big zuu interview

Big Zuu

Massimiliano Georgeschi
Kiera Liberati
Margherita Fabbro using Benny Hancock

Rappers can be tough to interview — sometimes they’re reserved and hesitant to answer questions and give detail. Big Zuu, on the other hand, is gregarious and engaging from the start to the end of our chat. But, then again, he’s more than your average rapper.

He’s from West London, but not the Made In Chelsea part, Zuu grew up on the Mozart housing estate near Paddington. Despite being named for the Austrian virtuoso composer, the estate was and still is far from harmonious. 

“Mozart has had a long history of problems with its surrounding, opposing areas (Ladbroke Grove, Harlesden, Kilburn) meaning regardless of whether you were involved in the beef or not, you had to watch your back just in case things ever got sticky,” Zuu wrote in a 2018 article for Crack magazine.

However, despite a less-than-ideal upbringing, Zuu has gone on to make a name for himself in the UK grime and rap scene, carving out an identity as a deeply skilled lyricist who effortlessly balances frivolity and deadly seriousness. Imma Fresh Prince when I pop my Belaire / Dem man move like Vivian / But I’m tryna get the belly like Uncle Phil,” he raps on his “No Miming” freestyle for Tim & Barry TV — a veteran YouTube channel in the grime scene. 

big zuu interview
Look: Nike | Jacket: Berthold | Sneakers: Nike

On the hook for “Variation,” however, Zuu gets on strong with his message: “Black Lives Matter, expose the racists / They don’t wanna see the people from ends go make it.” Don’t think for a second that Big Zuu is another run-of-the-mill grime MC. He also presents Big Zuu’s Big Eats for UK TV channel Dave. Zuu interviews and cooks for other celebrities, finding out what makes them tick and creating eminently watchable TV in the process.

The show was recommissioned for a second series, which is due to air later this year and, for Zuu, it’s far more than another presenting gig. “I think people are finally understanding our impact on the world and how representation is important and that people need to see where the change is going to come from,” Zuu says.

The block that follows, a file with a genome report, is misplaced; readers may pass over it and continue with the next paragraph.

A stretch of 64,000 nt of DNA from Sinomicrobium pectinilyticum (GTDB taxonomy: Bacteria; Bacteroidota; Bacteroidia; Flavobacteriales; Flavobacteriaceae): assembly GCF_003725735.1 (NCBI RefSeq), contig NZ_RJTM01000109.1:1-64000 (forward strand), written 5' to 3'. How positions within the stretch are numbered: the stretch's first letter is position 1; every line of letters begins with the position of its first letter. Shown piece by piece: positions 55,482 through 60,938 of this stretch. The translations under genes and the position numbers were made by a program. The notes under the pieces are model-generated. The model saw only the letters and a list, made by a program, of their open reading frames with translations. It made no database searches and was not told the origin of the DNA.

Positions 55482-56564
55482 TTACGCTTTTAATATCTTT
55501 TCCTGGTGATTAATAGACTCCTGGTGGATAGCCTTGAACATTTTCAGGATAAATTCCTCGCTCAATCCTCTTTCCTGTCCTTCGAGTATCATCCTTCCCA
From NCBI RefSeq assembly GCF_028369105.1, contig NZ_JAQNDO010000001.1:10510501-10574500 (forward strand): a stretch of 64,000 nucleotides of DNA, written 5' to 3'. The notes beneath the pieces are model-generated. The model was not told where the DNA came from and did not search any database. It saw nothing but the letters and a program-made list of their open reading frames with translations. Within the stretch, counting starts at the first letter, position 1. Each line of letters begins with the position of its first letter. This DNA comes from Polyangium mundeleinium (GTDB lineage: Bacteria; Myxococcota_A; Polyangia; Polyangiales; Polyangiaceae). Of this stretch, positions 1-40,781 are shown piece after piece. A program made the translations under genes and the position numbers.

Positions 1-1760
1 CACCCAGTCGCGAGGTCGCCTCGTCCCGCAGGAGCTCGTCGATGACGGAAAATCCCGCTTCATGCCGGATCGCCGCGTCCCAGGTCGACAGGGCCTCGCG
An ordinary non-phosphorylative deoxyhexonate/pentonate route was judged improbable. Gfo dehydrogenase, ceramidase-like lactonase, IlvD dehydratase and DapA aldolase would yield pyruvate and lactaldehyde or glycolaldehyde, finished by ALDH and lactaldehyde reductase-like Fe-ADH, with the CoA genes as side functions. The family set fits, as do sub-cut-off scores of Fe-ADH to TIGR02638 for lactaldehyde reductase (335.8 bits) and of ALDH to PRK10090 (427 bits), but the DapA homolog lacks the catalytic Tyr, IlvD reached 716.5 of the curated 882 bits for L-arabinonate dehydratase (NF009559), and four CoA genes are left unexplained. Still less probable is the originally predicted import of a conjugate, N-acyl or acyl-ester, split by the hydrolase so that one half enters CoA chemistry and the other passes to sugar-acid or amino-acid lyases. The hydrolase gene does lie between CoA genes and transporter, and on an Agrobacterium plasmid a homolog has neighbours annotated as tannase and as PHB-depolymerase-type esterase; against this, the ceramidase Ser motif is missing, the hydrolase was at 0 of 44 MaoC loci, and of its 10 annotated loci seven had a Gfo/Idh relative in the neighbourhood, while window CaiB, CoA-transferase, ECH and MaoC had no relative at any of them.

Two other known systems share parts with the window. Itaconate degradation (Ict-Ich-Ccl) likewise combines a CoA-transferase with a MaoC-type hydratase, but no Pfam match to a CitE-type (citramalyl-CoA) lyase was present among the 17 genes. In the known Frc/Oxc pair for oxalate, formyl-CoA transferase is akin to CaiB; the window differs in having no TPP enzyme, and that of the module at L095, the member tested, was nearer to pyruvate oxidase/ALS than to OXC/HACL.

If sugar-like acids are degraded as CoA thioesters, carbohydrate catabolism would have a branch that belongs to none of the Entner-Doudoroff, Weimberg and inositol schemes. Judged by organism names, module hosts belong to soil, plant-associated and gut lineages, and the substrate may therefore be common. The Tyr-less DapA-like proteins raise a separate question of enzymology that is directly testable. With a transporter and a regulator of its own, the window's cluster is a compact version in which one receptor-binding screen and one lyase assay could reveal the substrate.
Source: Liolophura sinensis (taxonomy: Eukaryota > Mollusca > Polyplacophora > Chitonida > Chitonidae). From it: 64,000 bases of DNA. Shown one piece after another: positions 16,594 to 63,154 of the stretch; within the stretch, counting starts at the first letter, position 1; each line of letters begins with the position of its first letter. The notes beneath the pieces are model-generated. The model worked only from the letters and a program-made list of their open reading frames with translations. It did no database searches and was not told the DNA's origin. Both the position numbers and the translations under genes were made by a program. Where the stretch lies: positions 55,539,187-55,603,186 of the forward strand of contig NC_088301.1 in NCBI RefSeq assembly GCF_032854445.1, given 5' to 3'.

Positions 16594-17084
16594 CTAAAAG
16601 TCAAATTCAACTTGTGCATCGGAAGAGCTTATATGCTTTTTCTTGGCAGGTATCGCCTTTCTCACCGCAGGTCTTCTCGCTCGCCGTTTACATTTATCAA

“We can pretend that it’s alright to not have Black people on TV, we can act like that’s cool but people have finally realized that, ‘wait, actually, it’s not cool,’” he continues. “When I made Big Eats, it was definitely before this kind of change in television was happening. The program got commissioned over two years ago and I’m really proud that they [UKTV] took a chance and it paid off, and now that Black Lives Matter has happened more and more people are getting it and understanding it.” 

big zuu interview
Shirt: ASOS | Jacket: Boohoo | Bottoms: Amici

“I was very proud to be a part of the change and, again, I’m happy to see people coming through now,” Zuu says. “I think Big Narstie was the main factor in terms of making a difference because he opened the doors for us and you have to appreciate what he and Mo the Comedian have done on Channel 4.”

But, how does Zuu reconcile his burgeoning TV career with his cult status within the UK grime and rap scene?

“It’s weird, man,” he says. “It’s hard … I am … How can I put it, man? I’m a musician that does TV. It’s a weird one because I feel people are all like, ‘What do you want to do? What do you want to go on to? What do you want to become?’ Like all that shit, I’m just like, ‘Bro, I’m having fun,’ you know?” Zuu is clearly no stranger to having fun, either. In fact, he’s the only person to have appeared on both The Pengest Munch and Chicken Shop Date, aside from the Chicken Connoisseur.

But what does Zuu like to make himself? “In season two [of Big Eats], I made Harry Redknapp an African stew that had scotch bonnets in it and he was like ‘Cor blimey this is hot,’ but he liked it.”

His all-time favorite food, however, is lamb jollof rice. “The Salone way, we don’t blend the tomatoes, we stew them, which is a bit different, there’s a lot of love, a lot of passion,” he says. “We deep fry the meat before we put it in the stew, so the meat is triple-cooked, it gets steamed, then fried, then stewed,” he explains. “So the meat is tender, absolutely full of joy.”

big zuu interview

“I’m not dissing the Nigerian jollof but the Salone one is full of joy,” Zuu laughs. While his favorite dish from season two of Big Eats was the scotch bonnet stew he shared with Redknapp, his favorite guest was even more surprising at first glance.